“I’m not in the market for a man, and if you’re offering, I’ll bet your skills have likely atrophied.” She lowered her chin, looking at him from beneath her eyelashes with a hint of primness that made his body awaken and want to join the game—any game as long as it was with her. “And if you recall…you’re just not that memorable.”
Her insult was delivered in a playful, low tone that felt far too sensual. Or maybe it was how she’d said the words slowly, her pink lips carefully forming each one in a way that hit him with a powerful twist of longing. Polly was everything he wanted in a woman.
He leaned closer. “And why do you think my abilities may have faded?”
“Your social skills are lacking, as is your charm. So chances are you’re not kissing anyone, and those abilities are similar to second-language skills—use ’em or lose ’em.”
She was sitting up now, her body language as perky as her ponytail. He wanted to reach over and give it an affectionate tug to see if she’d turn his way again. She took another sip of her drink, as though trying to fortify herself. Or maybe shield herself from something. Maybe him.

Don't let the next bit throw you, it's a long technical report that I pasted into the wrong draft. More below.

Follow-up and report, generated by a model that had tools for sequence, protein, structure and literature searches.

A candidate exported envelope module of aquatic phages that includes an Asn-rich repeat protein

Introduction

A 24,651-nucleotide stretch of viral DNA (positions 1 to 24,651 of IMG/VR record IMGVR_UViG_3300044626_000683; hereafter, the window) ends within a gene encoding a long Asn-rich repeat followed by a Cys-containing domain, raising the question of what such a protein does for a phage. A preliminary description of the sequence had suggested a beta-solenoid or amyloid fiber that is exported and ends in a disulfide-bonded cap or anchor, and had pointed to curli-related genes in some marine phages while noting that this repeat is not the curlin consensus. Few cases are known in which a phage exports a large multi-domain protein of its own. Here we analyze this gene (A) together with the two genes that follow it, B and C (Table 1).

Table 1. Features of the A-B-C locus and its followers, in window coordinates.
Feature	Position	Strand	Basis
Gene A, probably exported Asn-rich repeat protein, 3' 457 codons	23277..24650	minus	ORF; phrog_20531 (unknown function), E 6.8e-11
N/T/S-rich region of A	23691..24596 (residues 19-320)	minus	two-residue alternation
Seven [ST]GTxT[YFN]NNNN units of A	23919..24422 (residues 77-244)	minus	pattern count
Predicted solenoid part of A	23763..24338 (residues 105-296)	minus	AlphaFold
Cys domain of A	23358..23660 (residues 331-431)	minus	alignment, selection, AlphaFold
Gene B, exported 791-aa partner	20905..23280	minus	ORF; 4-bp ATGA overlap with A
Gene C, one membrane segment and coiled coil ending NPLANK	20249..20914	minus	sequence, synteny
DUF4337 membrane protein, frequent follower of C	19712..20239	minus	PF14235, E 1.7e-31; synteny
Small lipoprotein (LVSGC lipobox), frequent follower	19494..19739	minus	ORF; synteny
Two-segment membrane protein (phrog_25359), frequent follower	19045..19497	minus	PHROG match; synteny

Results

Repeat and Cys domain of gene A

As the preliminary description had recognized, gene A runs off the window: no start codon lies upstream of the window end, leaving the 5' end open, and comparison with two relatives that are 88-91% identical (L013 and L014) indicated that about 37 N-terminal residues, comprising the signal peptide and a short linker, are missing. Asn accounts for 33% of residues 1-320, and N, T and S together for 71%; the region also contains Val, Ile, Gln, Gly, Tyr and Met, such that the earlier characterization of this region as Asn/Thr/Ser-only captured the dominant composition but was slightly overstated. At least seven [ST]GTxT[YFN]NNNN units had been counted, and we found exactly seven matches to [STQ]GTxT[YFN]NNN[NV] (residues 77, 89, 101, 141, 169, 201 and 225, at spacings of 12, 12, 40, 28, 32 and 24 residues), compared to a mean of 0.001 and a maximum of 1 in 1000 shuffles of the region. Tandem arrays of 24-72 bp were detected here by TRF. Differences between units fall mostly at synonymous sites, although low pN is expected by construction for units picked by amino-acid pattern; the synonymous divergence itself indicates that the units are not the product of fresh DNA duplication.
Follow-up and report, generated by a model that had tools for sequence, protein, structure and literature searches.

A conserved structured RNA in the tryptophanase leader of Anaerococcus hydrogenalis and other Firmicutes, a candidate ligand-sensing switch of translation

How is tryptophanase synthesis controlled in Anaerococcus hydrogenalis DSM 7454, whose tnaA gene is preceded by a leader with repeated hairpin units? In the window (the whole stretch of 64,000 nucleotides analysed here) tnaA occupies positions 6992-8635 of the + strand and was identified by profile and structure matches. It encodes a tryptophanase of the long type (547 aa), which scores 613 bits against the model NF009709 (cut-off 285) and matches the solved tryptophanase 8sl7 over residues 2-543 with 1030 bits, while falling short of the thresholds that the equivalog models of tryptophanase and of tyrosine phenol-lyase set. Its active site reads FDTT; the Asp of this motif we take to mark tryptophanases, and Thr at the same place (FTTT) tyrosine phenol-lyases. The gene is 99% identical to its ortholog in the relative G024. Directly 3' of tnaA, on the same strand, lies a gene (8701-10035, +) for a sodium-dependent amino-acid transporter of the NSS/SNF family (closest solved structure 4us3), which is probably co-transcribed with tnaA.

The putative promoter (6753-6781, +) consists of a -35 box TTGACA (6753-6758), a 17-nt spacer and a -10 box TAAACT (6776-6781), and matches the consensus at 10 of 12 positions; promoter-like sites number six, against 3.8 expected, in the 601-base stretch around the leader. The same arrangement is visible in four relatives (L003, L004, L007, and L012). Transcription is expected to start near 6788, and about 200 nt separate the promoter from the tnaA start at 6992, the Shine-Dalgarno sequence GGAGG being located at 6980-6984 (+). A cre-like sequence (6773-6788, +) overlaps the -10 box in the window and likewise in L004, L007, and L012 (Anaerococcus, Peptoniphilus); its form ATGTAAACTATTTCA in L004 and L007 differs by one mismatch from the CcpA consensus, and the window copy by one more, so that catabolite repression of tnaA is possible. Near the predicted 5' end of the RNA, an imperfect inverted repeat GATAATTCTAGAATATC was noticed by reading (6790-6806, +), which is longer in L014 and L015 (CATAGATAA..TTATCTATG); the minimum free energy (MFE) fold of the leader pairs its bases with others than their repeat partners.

“Do you want to help me revive those old skills?” he asked, propping his arms on the bar so he could lean closer to her. “See if they can be resuscitated?”
She allowed a flicker of a wry smile, but didn’t change the direction of her gaze.
“How about this?” He leaned even closer, placing a warm kiss on her cheek that lingered a telling second too long.
She inhaled slowly, but didn’t face him, didn’t say a thing.
“Was that passable? Does it need reviving? More practice?” He lowered his voice. “Better aim?”
USA Today Bestselling Author Shanna Hatfield writes character-driven romances with relatable heroes and heroines. Her historical westerns have been described as “reminiscent of the era captured by Bonanza and The Virginian” while her contemporary works have been called “laugh-out-loud funny, and a little heart-pumping sexy without being explicit in any way.”
“Heart-warming and leaves you with that warm fuzzy feeling.”
“A second chance novella that had me smiling bright and feeling all the emotions.”
“Spencer and April are everything and this second chance love story is perfect for a quick Valentine’s Day read.”
She is a stationery and chocolate addict and has a one-click addition. Liz has heaps of new book ideas for the future and looks forward to sharing those ideas with you, her readers.